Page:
How do you catch a banshee? The consequences of such dark magic are high and may cost your very soul. When a small theatrical company takes on the production of Christopher Marlowe’s play, “Doctor Faustus,” things don’t go as planned. Unexplained stage effects appear as cast members disappear, accidents seem more than coincidence, and an earthquake splits a busy downtown thoroughfare. And there’s a rumored ghost in the basement.
Anne Petty added, “THE CORNERSTONE is my take on the old ‘Doctor Faustus’ tale in which a writer sells his soul to Satan for fame and fortune. I became fascinated with the legend in college and loved what Elizabethan playwright Christopher Marlowe had done with the tale. It got me to thinking what would the so-called Faustian bargain look like today, in our modern unsuperstitious age?”
Frank Michaels Errington rated THE CORNERSTONE five stars, saying Petty “has masterfully blended elements of Christopher Marlowe, John Dee, THE TRAGICAL HISTORY OF DR. FAUSTUS, and Irish prehistory of the Boyne Valley tomb monuments into a beautifully compelling story. I loved how all the major plot points came together, giving the reader a complete story, told well, with characters I came to love or despise. And despite the subject matter, I completely believed these events may have occurred. There is that ring of truth to the tale.”
Writers have difficulty identifying favorite scenes, like choosing a favorite pet. Petty said, “Three scenes stand out for me: the opening one in which two practitioners of magic manage to trap a banshee in Ireland’s Boyne Valley; the pivotal scene in which the main character makes the Faustian bargain; and the climax of the story where the infernal bargain must be paid off. I relished writing that scene because it does what I enjoy best about horror fiction, bringing unbelievable phenomena into ordinary life.”
What inspires Petty to write horror tales? “I love the creepy feeling that crossover horror/dark fantasy sends up my spine when the supernatural bumps up against everyday life. The mind wants to deny what the senses see or hear or feel, but the evidence of things that ‘shouldn’t be’ simply won’t go away. Most of my writing hinges on that collision of the supernatural with the mundane.”
Writers are foremost readers. Petty opined about outstanding authors. “My tastes have always run toward the dark side. Favorite authors when I was young included Poe, Hawthorne, Lovecraft, Dunsany, and a host of similar writers. I consumed all the adventure novels by Edgar Rice Burroughs and H.G. Wells, and didn’t get into fantasists like Tolkien and Le Guin until much later, but those two especially brought a love of language and careful story-crafting into my awareness. Modern authors I enjoy are Tad Williams and Kij Johnson.”
Petty has advice for aspiring writers. “Read widely. Develop your own voice without trying to copy a style not your own. Write the book that’s inside you, that you feel passion for, and ignore publishing fads of what’s hot. Write the book that drives you, then worry about where it might be published. Also, master the basics of grammar and spelling so editors like me won’t have to kill you. Fine-tune your author’s inner ear—does the prose sing or suck?”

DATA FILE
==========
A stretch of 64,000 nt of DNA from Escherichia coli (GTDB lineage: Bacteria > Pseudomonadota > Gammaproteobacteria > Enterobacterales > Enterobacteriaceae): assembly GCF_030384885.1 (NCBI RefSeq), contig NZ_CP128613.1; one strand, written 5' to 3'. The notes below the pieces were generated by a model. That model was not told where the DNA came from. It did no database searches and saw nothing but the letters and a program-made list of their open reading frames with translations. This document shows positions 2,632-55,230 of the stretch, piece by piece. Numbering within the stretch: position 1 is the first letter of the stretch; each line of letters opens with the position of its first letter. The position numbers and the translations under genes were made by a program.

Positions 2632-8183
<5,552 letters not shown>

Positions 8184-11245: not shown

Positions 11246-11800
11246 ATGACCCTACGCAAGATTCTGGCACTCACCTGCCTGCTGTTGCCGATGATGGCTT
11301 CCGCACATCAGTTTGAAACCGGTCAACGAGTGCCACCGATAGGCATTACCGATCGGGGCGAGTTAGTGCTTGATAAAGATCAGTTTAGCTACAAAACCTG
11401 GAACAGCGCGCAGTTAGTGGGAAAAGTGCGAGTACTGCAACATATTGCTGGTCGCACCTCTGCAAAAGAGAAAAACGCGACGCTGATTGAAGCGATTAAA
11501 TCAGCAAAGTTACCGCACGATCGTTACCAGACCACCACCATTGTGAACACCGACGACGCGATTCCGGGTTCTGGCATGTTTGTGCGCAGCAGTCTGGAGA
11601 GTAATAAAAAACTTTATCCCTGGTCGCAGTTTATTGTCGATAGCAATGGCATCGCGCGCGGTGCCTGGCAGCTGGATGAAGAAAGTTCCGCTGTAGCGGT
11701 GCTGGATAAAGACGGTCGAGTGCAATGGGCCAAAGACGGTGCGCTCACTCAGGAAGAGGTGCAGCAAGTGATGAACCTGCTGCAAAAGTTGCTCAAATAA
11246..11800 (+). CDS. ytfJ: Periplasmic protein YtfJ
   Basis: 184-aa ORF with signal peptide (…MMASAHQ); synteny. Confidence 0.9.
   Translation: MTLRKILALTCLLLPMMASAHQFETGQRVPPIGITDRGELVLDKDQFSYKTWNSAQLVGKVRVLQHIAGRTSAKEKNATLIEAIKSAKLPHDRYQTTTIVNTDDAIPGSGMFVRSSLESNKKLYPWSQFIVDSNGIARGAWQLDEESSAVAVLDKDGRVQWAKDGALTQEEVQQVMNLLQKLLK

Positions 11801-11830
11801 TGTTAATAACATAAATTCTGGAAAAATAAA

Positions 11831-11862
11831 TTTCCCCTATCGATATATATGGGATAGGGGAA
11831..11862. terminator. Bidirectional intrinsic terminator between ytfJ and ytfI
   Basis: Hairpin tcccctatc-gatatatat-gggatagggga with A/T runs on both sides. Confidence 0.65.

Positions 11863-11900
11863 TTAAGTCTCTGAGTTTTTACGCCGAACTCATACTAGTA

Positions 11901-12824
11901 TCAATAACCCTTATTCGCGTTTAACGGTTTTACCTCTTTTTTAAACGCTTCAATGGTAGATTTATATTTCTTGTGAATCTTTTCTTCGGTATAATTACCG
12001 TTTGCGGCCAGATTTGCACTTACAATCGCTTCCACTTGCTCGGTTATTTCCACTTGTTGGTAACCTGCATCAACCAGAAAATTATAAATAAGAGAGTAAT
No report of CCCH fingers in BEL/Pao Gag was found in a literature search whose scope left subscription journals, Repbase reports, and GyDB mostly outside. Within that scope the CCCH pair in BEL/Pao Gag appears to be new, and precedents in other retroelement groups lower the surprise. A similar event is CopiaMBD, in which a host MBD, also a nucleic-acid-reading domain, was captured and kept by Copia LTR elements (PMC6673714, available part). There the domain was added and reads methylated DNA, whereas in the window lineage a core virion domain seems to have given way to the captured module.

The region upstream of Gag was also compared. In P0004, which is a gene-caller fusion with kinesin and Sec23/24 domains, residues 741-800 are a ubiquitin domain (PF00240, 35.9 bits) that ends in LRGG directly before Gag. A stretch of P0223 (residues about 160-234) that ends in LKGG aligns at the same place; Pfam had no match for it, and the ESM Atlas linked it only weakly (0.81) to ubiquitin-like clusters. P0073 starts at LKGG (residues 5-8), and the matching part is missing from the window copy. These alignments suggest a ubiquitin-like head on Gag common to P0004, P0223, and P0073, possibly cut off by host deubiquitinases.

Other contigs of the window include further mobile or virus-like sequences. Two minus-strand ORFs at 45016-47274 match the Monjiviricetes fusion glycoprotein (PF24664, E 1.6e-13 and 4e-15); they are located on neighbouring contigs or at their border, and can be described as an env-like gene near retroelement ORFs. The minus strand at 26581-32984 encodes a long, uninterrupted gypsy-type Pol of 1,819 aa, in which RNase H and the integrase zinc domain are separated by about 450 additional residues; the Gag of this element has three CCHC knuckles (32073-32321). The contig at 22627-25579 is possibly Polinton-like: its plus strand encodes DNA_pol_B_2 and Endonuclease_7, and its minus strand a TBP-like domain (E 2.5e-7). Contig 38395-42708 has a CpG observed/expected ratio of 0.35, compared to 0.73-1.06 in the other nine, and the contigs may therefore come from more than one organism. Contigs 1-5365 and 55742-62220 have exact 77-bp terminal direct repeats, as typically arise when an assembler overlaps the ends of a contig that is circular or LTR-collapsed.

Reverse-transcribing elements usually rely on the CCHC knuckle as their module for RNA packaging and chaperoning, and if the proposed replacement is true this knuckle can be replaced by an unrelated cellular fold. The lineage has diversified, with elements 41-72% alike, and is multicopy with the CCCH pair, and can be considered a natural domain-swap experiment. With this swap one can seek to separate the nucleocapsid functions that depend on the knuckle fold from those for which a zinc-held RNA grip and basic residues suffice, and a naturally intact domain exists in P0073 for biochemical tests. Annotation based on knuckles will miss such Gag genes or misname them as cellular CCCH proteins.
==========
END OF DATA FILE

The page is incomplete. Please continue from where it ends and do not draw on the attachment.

As for the mechanics of writing, Petty spoke about sticking to plot, outlines and rewriting. “The core of THE CORNERSTONE—a writer making a Faustian bargain and then having to pay up—never changed, but the means to the end shifted a number of times. You have to be willing to delete characters and subplots if they pull you too far off course.
“When I write novels, I know the beginning and the ending and can see those two critical scenes in some detail. My outline looks more like short chapter sketches because my brain works in spatial mode—I’m always trying to picture the shape of the book, where the energy peaks and falls. I change things if I’ve painted myself into a corner, but I normally stick to my original road map pretty closely.”
Petty rarely writes a novel straight through. “I’m inclined to write scenes or chapters that excite me at the moment, and not necessarily in plot order. I often struggle over that first draft, but I love editing and polishing, which means I do a LOT of rewriting.”
Writers adore comprehensive compliments. At the launch party of her current novel, another writer said, “I especially liked the literary aspect and time travel, but your descriptions of the supernatural cataclysms and transformations were evocative and compelling. I don’t follow or read this genre much, but THE CORNERSTONE is not just a genre book—thanks to your interests, knowledge, and research. The plotting is deft, the structure sophisticated, and the prose supple. Congratulations!”
Everything old is new. Petty said, “All my fiction is in eBook format. I love my Kindle and find the current electronic publishing landscape very liberating. However, that doesn’t mean I’ll ever lose my love for physical books.”
In closing Petty said, “I’m often asked what I am afraid of in real life. My answer is politicians and clowns.”
Politicians and clowns? Now that’s a horror story with a Washington, DC setting waiting to be written.
Anne C. Petty is the author of three horror/dark-fantasy novels (THE CORNERSTONE, THIN LINE BETWEEN, SHAMAN’S BLOOD); editor of the upcoming LIMBUS, INC. shared-world anthology; a Florida Gothic suspense series co-written with P.V. LeForge; three books of literary criticism, and many essays on the craft of writing and mythology. She is a J.R.R. Tolkien scholar.
Recent short fiction includes her award-winning story Blade. Petty published The Veritas Experience in The Best Horror, Fantasy & Science Fiction of 2009, and The Real Deal was included in the anthology SLICES OF FLESH from Dark Moon Books.
To learn more about Anne, visit her website.